November 24, 2012
FAITH IS ALL THERE IS:
The Scientific Blind Spot : Knowledge is less a canon than a consensus. (DAVID A. SHAYWITZ, 11/18/12, WSJ)
In 1870, German chemist Erich von Wolf analyzed the iron content of green vegetables and accidentally misplaced a decimal point when transcribing data from his notebook. As a result, spinach was reported to contain a tremendous amount of iron--35 milligrams per serving, not 3.5 milligrams (the true measured value). While the error was eventually corrected in 1937, the legend of spinach's nutritional power had already taken hold, one reason that studio executives chose it as the source of Popeye's vaunted strength.The point, according to Samuel Arbesman, an applied mathematician and the author of the delightfully nerdy "The Half-Life of Facts," is that knowledge--the collection of "accepted facts"--is far less fixed than we assume. In every discipline, facts change in predictable, quantifiable ways, Mr. Arbesman contends, and understanding these changes isn't just interesting but also useful. For Mr. Arbesman, Wolf's copying mistake says less about spinach than about the way scientific knowledge propagates. [...]Knowledge, then, is less a canon than a consensus in a state of constant disruption. Part of the disruption has to do with error and its correction, but another part with simple newness--outright discoveries or new modes of classification and analysis, often enabled by technology. A single chapter in "The Half-Life of Facts" looking at the velocity of knowledge growth starts with the author's first long computer download--a document containing Plato's "Republic"--journeys through the rapid rise of the "@" symbol, introduces Moore's Law describing the growth rate of computing power, and discusses the relevance of Clayton Christensen's theory of disruptive innovation. Mr. Arbesman illustrates the speed of technological advancement with examples ranging from the magnetic properties of iron--it has become twice as magnetic every five years as purification techniques have improved--to the average distance of daily travel in France, which has exponentially increased over the past two centuries.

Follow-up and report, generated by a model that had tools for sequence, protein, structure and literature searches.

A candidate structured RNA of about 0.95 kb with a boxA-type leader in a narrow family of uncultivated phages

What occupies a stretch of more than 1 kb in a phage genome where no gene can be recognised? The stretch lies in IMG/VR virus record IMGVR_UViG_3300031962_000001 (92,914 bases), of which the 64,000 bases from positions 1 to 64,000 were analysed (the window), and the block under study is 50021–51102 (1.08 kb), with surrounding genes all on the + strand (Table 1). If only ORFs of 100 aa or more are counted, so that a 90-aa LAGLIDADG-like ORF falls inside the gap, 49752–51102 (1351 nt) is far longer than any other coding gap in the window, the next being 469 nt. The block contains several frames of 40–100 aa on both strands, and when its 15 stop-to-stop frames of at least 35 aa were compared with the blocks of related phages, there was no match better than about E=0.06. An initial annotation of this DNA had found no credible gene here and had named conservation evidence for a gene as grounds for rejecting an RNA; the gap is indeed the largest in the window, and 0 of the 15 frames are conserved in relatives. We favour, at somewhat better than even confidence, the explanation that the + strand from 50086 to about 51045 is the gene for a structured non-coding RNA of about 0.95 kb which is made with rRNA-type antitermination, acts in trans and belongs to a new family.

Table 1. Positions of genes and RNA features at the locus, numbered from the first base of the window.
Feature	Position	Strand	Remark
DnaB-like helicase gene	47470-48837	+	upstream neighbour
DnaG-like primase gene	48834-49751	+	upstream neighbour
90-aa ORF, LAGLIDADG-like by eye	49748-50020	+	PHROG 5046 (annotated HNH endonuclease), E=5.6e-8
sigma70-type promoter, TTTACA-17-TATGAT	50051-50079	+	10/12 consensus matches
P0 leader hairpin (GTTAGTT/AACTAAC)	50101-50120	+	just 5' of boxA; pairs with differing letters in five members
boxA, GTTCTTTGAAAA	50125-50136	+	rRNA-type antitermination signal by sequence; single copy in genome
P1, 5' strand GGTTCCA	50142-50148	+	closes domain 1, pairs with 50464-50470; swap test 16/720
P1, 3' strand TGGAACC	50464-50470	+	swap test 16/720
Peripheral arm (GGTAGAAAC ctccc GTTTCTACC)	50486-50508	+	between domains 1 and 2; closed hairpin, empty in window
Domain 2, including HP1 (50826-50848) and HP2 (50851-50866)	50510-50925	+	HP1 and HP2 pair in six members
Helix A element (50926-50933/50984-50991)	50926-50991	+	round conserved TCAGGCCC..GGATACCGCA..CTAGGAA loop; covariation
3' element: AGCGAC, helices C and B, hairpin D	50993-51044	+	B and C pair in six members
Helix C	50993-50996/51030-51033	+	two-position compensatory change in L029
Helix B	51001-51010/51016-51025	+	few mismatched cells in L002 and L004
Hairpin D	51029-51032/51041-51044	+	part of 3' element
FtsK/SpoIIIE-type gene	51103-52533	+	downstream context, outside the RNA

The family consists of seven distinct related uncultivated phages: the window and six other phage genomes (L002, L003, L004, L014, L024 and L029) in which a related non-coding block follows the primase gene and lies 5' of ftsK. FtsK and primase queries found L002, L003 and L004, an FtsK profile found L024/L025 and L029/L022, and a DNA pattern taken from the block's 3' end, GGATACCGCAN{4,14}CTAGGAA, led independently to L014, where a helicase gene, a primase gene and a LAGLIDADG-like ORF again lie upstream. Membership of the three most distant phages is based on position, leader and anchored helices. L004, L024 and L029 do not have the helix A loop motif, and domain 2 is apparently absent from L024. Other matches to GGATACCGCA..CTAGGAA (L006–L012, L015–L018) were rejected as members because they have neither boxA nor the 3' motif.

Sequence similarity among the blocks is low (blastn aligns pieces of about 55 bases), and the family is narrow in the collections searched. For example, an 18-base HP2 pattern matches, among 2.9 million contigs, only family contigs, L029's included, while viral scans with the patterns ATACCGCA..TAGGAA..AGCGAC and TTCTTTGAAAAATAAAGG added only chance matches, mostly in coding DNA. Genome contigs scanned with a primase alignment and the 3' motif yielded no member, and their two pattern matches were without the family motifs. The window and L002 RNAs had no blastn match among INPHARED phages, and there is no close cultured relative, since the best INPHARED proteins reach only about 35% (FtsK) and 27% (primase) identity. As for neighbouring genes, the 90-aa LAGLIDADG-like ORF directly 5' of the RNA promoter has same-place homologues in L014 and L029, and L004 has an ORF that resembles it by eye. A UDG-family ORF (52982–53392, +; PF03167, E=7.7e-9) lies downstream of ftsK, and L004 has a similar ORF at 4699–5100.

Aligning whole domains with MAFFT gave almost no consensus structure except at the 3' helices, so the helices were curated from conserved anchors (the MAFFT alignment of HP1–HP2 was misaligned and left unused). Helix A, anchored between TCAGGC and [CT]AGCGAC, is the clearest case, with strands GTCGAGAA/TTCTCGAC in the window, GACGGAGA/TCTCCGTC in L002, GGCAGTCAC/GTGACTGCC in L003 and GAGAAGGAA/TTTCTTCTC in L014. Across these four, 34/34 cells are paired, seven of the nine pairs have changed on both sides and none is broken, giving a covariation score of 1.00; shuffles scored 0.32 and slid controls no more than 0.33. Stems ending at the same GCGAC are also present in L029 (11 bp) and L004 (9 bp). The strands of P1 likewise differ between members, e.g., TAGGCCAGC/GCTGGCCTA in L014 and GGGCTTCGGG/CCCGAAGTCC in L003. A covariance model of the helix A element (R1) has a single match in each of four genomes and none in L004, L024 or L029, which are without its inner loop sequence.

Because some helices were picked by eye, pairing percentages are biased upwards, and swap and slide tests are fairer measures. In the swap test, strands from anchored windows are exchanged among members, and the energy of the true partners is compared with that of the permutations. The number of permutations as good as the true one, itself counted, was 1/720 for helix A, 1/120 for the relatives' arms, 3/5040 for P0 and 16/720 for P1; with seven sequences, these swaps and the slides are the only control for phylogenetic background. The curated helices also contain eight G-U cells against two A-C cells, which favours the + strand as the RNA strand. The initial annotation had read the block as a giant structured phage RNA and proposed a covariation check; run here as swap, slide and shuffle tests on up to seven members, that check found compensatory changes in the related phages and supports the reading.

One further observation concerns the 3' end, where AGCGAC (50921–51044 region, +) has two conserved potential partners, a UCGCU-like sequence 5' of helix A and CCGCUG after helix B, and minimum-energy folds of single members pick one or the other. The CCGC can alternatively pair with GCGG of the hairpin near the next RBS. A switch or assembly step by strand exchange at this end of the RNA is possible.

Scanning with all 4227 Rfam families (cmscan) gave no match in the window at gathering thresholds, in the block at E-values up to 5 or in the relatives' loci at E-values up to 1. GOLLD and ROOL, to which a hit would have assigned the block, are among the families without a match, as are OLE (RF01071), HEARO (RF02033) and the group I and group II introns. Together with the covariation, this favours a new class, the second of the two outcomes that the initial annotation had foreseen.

Posted by Orrin Judd at November 24, 2012 8:50 AM